Important: You should avoid using polyurethane glue on fabrics that come from natural products such as wool and cotton since this glue has an exothermic reaction to these types of fibers. Expect a similar reaction to those with carbon fiber or fiberglass. There is a chance your fabric will even burst into flames if you use too much adhesive. If the fabric is not in any of the above categories, it might not get destroyed but you will most certainly not go very far with it. in my opinion, you should prefer using an E6000 glue for your fabrics.

How should I use gorilla glue?

Gorilla glue works in a different way compared to a standard wood glue. To use it correctly follow these steps:

  1. Lightly moisturize both mating surfaces since the glue is water-activated.
  2. Apply a thin layer of the adhesive on both surfaces.
  3. Clamp both objects together for 1-2 hours using a heavy weight.

How much does gorilla glue cost?

Gorilla glue is pretty expensive when it’s compared to other wood glues with its starting price being around $1/oz. It’s not a good value for money adhesive and as a result individuals tend to strictly use it when the conditions are perfect for it.

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  • It’s a strong bonding agent.
  • Perfect for outdoor joinery as it’s not only weather resistant but also waterproof
  • It expands as the bonding process starts which make it an excellent solution for those who want to glue 2 wide surfaces together
  • Good for bonding wood to other materials such as plastic, metal and more
  • Can be used indoors and outdoors.
  • Great at gluing somewhat hidden joints.
  • It can be colored using specific dye products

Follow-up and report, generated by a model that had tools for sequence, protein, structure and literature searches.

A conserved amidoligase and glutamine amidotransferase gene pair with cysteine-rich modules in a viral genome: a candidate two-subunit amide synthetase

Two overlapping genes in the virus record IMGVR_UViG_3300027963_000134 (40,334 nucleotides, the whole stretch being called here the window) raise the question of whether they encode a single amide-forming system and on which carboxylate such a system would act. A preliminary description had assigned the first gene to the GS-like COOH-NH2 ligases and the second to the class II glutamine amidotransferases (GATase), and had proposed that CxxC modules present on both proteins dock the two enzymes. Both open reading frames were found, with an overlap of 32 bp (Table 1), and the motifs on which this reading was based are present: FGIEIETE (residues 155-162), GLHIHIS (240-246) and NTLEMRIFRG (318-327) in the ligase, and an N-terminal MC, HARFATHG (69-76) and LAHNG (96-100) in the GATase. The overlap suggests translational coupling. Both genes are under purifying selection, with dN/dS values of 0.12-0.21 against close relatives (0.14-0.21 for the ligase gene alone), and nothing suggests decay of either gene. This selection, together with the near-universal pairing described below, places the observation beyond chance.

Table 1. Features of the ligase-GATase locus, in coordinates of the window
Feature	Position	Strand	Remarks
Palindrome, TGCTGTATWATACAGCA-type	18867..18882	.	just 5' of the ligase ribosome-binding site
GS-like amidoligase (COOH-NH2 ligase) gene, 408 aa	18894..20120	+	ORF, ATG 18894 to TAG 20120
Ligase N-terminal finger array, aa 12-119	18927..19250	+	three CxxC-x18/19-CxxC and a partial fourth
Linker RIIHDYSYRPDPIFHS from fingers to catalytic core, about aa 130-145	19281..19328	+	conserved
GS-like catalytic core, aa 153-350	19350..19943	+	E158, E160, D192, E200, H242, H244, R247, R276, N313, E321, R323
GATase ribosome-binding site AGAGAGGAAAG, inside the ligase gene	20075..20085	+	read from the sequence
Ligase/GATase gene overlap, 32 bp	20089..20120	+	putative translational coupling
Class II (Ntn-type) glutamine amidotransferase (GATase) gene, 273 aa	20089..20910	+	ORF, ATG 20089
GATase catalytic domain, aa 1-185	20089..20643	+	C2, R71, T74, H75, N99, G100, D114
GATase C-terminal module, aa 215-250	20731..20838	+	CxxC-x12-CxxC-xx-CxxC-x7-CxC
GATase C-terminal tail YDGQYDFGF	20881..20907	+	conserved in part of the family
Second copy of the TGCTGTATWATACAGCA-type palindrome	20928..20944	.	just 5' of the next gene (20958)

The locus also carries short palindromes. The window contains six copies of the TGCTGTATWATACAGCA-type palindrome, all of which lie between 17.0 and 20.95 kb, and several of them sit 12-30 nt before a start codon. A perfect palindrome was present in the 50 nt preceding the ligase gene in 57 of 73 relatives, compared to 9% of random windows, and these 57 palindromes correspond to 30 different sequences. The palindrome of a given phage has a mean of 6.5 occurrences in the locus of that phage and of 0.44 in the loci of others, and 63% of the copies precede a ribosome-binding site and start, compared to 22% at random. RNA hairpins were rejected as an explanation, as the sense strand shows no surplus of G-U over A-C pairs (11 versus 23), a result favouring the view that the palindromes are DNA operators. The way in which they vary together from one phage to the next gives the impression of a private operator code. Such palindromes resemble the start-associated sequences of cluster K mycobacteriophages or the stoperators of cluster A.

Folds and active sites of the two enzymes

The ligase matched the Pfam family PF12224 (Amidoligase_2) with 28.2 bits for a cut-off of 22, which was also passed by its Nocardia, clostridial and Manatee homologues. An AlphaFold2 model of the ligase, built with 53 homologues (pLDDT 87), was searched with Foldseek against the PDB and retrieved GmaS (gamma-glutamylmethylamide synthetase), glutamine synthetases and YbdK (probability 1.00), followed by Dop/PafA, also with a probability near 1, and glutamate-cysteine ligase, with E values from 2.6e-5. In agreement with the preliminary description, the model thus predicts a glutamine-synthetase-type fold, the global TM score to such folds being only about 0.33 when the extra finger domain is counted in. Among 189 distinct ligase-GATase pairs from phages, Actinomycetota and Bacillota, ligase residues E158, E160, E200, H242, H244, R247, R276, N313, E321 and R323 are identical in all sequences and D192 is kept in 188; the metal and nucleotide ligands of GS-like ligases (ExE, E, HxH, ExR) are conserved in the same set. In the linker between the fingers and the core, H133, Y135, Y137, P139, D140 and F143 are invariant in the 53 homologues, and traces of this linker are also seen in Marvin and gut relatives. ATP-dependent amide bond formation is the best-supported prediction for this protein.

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  • Gorilla Glue is expensive. Around $1/oz
  • Polyurethane is very flammable
  • Its foaming capabilities make it one of the worst glues when it comes to gap-filling since it will get out of the glued joint.
  • Can be skin and eye irritant
  • In most cases sanding will be required after the bonding process is complete.
  • It’s a pretty messy adhesive and harder to cleanup.


Both adhesives are exceptionally strong and will most likely outlive the object they’re applied on. However, white PVA glue is superior to polyurethane wood glue in many aspects. It’s easier to use, value for money and non-toxic. On the other hand, gorilla glue is better for exterior usage and covers wide surfaces of objects more effectively. In my opinion, if you want to try gorilla glue, you should purchase a small 1 ounce bottle to see if it works for you. Remember that if you make a mistake with it, it’s way harder to cleanup than the common wood glue. Overall, the white PVA will remain the universal wood glue option for the years to come while polyurethane will be used only when the conditions are perfect for it. Let me know in the comments below if you have any further questions about wood glues. In the near future I plan on comparing more types of glue.

Do you prefer using white PVA wood glue or polyurethane glue?